2019-06-19 01:04:21date was

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  • 16 Things Egyptian Women Need to Know About Their ‘Land Down Under’


    Sex-Ed in Egypt is pretty much non-existent; schools don’t include classes in the curriculum, leaving the birds & the bees lesson to the parents, and the parents would rather you figure it out on your wedding night. 

    So it’s no wonder really that the population is so high– no one really explained that you can get pregnant without even being penetrated, or even when you’re not currently ovulating. And how many women complain about sex not being pleasurable? Who taught them how it could be? 
    All in all, there’s loads Egyptian women need to know about their reproductive systems– here are the top 16: 


    You MUST pee after sex

    Sex is basically a free-for-all for bacteria. If it gets close enough to the urethera, which is not far off (more on that later), it can travel all the way up to the bladder and cause tissue damage and infection. This results in a painful urinary tract infection (UTI) which requires antibiotics to treat. 


    Douches create problems, instead of fixing them

    Using a vaginal douche liquid changes the necessary balance of the vaginal flora (i.e. good bacteria) and natural pH (i.e. acidity). This increases the risk of harmful bacteria entering the vagina, which can lead to many problems, such as excessive dryness, a rash, or a yeast infection. 
    The vagina is magically self-cleaning, so the most you should be doing is rinsing the outer labia with water during your shower. And while you’re in the shower, put down the soap! The chemicals that make your soap bar or shower gel smell nice irritate your sensitive parts.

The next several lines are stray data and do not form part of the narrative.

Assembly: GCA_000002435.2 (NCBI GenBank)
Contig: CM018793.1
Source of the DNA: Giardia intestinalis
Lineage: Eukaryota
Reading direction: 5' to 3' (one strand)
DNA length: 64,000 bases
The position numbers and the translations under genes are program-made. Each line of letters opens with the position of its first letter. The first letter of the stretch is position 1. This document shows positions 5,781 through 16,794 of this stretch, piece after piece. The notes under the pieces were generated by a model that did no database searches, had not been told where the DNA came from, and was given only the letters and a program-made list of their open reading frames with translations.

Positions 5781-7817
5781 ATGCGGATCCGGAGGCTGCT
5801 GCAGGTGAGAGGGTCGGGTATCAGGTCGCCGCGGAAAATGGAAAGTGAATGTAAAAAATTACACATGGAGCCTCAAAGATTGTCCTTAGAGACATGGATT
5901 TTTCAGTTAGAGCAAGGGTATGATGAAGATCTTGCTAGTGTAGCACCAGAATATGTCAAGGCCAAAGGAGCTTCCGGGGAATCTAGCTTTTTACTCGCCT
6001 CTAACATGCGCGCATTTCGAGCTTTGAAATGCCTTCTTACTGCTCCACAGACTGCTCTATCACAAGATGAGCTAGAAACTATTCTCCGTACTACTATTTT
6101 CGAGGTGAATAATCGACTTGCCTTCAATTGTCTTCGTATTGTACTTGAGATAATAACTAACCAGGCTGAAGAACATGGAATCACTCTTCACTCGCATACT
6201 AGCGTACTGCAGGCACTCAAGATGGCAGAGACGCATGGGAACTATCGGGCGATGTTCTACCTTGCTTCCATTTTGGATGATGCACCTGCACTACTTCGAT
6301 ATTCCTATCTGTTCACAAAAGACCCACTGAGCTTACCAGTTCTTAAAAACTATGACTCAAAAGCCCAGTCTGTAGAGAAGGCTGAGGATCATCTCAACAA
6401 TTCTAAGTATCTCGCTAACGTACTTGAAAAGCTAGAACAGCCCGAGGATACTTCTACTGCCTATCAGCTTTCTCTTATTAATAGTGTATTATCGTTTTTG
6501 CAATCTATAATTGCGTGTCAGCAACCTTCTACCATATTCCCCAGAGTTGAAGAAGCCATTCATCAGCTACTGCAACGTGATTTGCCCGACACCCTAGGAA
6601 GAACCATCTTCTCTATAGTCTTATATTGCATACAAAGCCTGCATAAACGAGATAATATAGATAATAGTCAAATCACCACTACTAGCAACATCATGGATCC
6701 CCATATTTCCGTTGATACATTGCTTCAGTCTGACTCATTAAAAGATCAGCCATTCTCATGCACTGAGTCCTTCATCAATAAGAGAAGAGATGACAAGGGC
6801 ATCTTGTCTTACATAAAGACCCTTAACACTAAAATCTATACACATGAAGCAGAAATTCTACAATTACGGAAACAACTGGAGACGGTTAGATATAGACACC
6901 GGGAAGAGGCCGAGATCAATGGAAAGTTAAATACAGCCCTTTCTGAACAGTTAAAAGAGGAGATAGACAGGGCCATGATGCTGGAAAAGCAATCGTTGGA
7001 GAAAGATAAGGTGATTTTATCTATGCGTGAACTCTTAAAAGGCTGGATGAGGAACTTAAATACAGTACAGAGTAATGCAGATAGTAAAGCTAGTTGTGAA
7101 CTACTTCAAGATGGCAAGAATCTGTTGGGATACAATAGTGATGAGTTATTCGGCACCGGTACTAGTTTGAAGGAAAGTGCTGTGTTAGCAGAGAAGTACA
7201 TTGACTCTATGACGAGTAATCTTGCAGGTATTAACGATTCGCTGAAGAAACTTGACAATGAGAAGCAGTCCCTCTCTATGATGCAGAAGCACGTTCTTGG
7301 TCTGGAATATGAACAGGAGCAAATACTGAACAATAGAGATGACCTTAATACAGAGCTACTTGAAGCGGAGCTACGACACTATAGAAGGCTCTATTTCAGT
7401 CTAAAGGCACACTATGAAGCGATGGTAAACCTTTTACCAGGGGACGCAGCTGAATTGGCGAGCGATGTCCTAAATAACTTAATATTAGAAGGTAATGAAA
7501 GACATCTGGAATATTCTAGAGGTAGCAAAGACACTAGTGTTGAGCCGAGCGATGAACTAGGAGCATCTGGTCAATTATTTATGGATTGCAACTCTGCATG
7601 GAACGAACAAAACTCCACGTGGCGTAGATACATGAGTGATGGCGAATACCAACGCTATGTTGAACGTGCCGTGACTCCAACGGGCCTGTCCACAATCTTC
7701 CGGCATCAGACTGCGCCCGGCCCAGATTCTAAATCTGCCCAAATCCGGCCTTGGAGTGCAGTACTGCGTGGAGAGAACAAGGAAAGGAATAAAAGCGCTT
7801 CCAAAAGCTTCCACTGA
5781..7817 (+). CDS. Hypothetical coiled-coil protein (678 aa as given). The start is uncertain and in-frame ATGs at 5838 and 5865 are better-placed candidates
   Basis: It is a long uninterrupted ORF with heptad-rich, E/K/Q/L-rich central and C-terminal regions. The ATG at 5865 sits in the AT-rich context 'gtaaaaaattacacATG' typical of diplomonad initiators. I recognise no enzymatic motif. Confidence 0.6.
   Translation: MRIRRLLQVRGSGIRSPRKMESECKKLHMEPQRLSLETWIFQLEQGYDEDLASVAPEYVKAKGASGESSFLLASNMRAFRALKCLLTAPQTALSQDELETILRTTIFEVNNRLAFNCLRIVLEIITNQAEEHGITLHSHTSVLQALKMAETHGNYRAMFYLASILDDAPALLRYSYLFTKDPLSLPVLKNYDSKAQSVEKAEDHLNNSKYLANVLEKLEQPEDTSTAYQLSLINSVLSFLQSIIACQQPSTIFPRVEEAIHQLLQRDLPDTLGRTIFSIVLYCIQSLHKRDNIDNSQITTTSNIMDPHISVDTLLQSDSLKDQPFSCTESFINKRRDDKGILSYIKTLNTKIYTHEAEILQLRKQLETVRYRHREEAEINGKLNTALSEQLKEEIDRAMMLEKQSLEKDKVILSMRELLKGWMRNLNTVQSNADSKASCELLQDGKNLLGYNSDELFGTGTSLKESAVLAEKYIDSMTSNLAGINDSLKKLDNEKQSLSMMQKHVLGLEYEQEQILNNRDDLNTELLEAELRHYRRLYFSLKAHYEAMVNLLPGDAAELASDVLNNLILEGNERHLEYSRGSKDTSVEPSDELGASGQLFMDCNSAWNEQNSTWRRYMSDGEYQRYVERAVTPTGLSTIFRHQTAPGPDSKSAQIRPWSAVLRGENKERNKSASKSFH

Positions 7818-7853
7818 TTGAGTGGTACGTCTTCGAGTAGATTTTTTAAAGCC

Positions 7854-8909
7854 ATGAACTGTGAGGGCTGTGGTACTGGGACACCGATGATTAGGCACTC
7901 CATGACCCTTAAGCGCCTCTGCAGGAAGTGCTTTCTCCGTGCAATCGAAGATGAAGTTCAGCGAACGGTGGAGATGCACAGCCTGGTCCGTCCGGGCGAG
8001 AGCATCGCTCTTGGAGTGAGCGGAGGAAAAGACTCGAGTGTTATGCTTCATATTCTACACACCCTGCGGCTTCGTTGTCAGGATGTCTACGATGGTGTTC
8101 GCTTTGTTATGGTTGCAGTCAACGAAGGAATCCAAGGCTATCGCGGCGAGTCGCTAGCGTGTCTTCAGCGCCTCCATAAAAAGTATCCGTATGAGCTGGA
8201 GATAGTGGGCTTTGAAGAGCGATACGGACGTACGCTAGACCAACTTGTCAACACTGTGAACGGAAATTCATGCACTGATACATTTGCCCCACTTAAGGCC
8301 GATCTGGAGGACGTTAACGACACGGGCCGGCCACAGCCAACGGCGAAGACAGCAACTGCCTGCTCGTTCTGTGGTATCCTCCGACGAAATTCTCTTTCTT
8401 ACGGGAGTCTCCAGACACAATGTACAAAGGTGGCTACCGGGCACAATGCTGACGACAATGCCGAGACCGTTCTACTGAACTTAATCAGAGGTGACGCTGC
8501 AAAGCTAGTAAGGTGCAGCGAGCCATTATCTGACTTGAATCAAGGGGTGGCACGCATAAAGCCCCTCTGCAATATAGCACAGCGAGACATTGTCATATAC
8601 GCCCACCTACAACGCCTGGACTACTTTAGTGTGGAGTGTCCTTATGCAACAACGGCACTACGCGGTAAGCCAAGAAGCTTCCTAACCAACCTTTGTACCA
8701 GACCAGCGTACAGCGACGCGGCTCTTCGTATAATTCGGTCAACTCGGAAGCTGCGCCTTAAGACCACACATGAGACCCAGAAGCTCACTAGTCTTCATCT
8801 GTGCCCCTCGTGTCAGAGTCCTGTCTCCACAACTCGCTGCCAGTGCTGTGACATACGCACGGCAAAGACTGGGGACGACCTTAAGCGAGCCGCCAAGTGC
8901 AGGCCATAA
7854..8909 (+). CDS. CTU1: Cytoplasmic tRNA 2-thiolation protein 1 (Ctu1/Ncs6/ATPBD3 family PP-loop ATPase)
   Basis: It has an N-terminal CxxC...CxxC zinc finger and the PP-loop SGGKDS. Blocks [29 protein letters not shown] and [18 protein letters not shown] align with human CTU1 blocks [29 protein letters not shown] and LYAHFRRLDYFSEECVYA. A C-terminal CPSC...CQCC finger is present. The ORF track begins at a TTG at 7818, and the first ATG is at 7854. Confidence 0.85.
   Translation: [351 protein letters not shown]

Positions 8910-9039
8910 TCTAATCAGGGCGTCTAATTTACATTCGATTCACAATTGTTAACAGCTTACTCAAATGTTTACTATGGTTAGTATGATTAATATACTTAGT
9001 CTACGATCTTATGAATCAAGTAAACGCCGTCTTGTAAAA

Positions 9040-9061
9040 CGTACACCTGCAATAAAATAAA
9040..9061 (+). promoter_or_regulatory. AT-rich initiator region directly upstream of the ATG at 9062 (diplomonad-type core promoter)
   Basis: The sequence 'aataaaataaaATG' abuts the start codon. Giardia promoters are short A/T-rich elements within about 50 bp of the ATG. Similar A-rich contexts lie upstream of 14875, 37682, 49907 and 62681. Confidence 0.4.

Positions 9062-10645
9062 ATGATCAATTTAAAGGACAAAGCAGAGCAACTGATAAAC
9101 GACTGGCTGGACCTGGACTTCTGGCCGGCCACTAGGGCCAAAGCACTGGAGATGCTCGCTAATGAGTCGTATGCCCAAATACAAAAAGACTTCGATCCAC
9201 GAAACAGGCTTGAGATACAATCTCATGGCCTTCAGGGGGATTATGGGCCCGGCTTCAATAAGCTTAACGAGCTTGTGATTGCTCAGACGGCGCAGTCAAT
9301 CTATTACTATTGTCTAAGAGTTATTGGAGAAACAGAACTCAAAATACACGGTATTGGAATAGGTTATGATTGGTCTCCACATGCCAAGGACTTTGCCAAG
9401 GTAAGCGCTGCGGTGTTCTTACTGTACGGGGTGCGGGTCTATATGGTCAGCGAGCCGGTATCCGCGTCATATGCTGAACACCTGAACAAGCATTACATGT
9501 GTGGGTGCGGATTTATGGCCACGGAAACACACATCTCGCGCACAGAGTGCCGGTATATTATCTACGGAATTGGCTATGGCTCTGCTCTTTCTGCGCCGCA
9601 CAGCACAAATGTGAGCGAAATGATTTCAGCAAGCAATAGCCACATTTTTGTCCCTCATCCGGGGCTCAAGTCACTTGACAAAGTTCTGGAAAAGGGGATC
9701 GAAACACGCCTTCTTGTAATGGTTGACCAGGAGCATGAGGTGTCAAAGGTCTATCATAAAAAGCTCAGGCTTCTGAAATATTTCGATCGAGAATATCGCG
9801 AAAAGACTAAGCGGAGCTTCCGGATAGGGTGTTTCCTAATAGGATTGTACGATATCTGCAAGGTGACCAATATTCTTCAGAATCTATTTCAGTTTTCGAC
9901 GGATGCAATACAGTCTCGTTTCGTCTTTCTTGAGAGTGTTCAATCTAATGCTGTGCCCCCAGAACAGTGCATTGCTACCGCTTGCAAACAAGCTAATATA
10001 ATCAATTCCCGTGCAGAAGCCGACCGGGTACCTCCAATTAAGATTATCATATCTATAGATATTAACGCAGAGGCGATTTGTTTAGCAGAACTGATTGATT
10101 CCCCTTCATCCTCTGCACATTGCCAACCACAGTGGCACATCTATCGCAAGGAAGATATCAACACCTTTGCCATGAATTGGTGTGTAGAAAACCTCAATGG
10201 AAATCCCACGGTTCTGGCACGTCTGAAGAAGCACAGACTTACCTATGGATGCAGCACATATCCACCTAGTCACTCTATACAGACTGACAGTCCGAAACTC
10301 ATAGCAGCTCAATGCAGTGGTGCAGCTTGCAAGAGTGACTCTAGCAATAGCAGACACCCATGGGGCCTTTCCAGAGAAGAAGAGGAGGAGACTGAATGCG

If you’re worried about your eau de vag, it could be diet-related or perhaps an indicator of a health problem, so you might want to consult a gynecologist. 


    You can get pregnant any day of the year

    The whole ‘safe period’ method of avoiding pregnancy is BS. Sperm can live in a woman’s body for up to five days. So even if you think you’re good to go because your ovulation phase is over, the sperm can still fertilize your ova (i.e. eggs). That is, you can get pregnant even when you’re not ovulating. It’s even possible to get pregnant if you have sex while on your period. The only surefire way to prevent pregnancy is through birth control. 



    There’s no point in taking a pregnancy test ‘the morning after’

    An at-home pregnancy test won’t show accurate results until two weeks after conception or the first day after a missed period. If you want to know a little bit sooner, you can get a blood test done– they can detect  hCG (pregnancy hormone) within 7-12 days of conception.


    Tampons don’t break your hymen

    First of all, it’s important to note that your hymen isn’t like a sheet of plastic wrap covering the entire circumference of the vagina; there’s actually on opening, or in some cases more than one. Think about it– how would you have a period flow if the hymen was blocking it? 

    So, when you insert a tampon, there are three possible things that can happen:

    1- Most likely the tampon will pass through without breaking your hymen

    2- Your hymen will stretch to allow the tampon to pass through

    3- Unlikely scenario: Your hymen covers more of your vaginal opening than ordinary and tears when you insert a tampon

    You may not even have a hymen– some women were born without one. Also, vigorous exercises– such as horseback riding or martial arts –can stretch or ‘break’  hymen tissue.
    In some *very* rare cases, the hymen is ‘imperforate’ (i.e. completely closed), which can cause a number of complications. 


    You can miss your period even if you’re not sexually active

    Extreme weight loss or weight gain can interfere with your menstrual cycle, as can chronic stress. Women with a low body mass index (BMI)– that is, those severely underweight –are very likely to not have a period.
    Even travel has an effect on your ‘time of the month’!
    However, if you are still experiencing PMS and pain without bleeding, you may have Polycystic Ovary Syndrome (PCOS) and should see a doctor. 



    The pill can reduce your risk of cancer